In addition to the small illustration and its key reproduced in this pamphlet of 1830, the perspective of his design was separately published on a much larger scale. Doubtless this was issued in 1825 and may have been distributed at the time the model was displayed. By the time the document below was published in 1830 the New Harmony experiment had disintegrated as residents left or split into factions. Nevertheless, Owen may have felt that another effort should be made to put his plan into effect in England, or perhaps Whitwell remained a faithful believer in the concept and independently issued his pamphlet. Owen himself would still be advocating his village plan in 1841 in a publication proposing the development of "self-supporting Home Colonies" in England.

And this vision of a Utopian community included the following:

Extent and Position.

The area of ground occupied by the Buildings, Promenades, and Gardens of the Establishment would be about thirty-three acres; that of the enclosed quadrangle twenty-two acres, nearly three times as large as Russell Square.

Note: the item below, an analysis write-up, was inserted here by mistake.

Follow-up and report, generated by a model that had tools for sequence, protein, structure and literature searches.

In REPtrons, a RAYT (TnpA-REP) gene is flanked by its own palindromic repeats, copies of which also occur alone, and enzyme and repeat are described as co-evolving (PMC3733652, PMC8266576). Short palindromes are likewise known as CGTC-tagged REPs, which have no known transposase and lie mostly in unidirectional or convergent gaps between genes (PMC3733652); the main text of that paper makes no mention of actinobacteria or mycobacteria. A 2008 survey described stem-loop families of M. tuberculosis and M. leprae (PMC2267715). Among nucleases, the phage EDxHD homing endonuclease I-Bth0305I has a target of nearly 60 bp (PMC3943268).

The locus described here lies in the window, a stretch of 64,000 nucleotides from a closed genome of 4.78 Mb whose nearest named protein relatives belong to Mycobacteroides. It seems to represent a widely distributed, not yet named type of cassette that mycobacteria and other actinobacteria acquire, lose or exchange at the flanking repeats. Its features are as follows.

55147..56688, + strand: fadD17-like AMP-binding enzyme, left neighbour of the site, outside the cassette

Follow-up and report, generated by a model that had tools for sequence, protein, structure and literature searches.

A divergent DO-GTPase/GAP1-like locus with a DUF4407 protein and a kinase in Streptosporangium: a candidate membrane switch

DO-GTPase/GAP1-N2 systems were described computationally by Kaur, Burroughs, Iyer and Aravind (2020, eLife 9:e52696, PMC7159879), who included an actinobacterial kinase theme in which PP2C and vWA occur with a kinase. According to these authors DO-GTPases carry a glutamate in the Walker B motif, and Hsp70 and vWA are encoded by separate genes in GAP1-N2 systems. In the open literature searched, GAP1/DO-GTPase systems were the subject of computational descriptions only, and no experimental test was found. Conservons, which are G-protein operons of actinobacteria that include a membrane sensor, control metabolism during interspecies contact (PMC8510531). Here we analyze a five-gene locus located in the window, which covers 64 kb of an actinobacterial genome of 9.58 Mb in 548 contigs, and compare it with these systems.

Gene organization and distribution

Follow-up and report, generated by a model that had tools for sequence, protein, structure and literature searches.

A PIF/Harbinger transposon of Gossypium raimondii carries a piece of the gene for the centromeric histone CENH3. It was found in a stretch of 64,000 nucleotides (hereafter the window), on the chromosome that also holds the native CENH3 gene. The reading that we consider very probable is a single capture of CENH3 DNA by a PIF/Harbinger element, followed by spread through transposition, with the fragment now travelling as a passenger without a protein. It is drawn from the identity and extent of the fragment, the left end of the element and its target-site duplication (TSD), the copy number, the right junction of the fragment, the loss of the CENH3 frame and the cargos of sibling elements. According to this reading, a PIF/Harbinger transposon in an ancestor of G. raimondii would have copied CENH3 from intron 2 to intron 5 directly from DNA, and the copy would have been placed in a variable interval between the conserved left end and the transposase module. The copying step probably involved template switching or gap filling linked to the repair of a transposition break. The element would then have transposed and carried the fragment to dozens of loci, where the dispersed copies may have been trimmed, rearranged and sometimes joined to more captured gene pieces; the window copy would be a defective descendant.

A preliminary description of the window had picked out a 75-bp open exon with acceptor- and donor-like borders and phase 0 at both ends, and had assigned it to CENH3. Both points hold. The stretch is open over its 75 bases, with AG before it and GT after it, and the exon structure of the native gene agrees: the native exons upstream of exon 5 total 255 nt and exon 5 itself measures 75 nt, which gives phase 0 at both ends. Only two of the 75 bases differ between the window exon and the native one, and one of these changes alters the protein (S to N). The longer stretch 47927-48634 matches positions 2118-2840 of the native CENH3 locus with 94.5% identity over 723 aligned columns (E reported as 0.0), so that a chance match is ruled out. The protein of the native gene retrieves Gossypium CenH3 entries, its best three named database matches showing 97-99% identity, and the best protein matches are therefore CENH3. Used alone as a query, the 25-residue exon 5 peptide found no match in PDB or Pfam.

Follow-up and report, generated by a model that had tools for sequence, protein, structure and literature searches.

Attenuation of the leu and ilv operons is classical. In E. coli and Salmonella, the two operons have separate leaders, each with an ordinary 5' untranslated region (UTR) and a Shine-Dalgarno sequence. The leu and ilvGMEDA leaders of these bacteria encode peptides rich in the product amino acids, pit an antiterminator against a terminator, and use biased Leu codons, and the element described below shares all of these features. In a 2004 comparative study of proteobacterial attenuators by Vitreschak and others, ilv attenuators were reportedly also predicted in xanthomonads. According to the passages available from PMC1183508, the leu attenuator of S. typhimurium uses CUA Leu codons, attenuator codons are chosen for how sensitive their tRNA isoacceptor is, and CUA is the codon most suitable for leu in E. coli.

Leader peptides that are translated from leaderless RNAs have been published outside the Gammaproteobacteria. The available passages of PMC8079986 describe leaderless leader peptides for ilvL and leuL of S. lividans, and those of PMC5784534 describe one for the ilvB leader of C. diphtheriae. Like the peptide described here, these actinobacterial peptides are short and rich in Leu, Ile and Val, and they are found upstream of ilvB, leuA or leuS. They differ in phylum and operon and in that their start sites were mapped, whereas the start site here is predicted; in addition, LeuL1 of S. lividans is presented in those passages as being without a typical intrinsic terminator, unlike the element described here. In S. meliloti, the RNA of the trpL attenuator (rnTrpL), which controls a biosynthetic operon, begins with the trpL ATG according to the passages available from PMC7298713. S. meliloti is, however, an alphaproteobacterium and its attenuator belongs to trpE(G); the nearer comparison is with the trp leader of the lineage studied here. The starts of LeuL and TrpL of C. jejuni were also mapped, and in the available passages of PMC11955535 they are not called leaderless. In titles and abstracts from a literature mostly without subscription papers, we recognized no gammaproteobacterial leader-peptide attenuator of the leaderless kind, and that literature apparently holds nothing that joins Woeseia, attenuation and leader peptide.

It is proposed that one of the diagonal lines of the square should be so placed as to coincide with a meridian, and, if possible, to range with some remarkable points or objects of the distant country. This would ensure an equal distribution of light and darkness, sun and shadow among the occupants of every part of the edifice; and be convenient for astronomical and geographical reference.

It is desirable in most cases that the scite of land selected for this purpose, should be in the vicinity of a stream, ample enough to supply the domestic purposes of the establishment, to secure its drainage, and furnish power sufficient for the mills and other manufactories necessary or convenient for the accommodation and prosperity of the inhabitants.

General Arrangements.

The Building to be disposed in a quadrangle measuring one thousand feet on each side; divided

Externally, into

Dwelling houses,

Central public buildings,

Angle ditto

Internally are disposed the


Public Refectories,

Kitchens, Breweries, &c.

Stores, Offices, &c.

Botanic Gardens.

surrounded by a Cloister or covered Arcade for general communication.

Arrangements of the Dwelling Houses.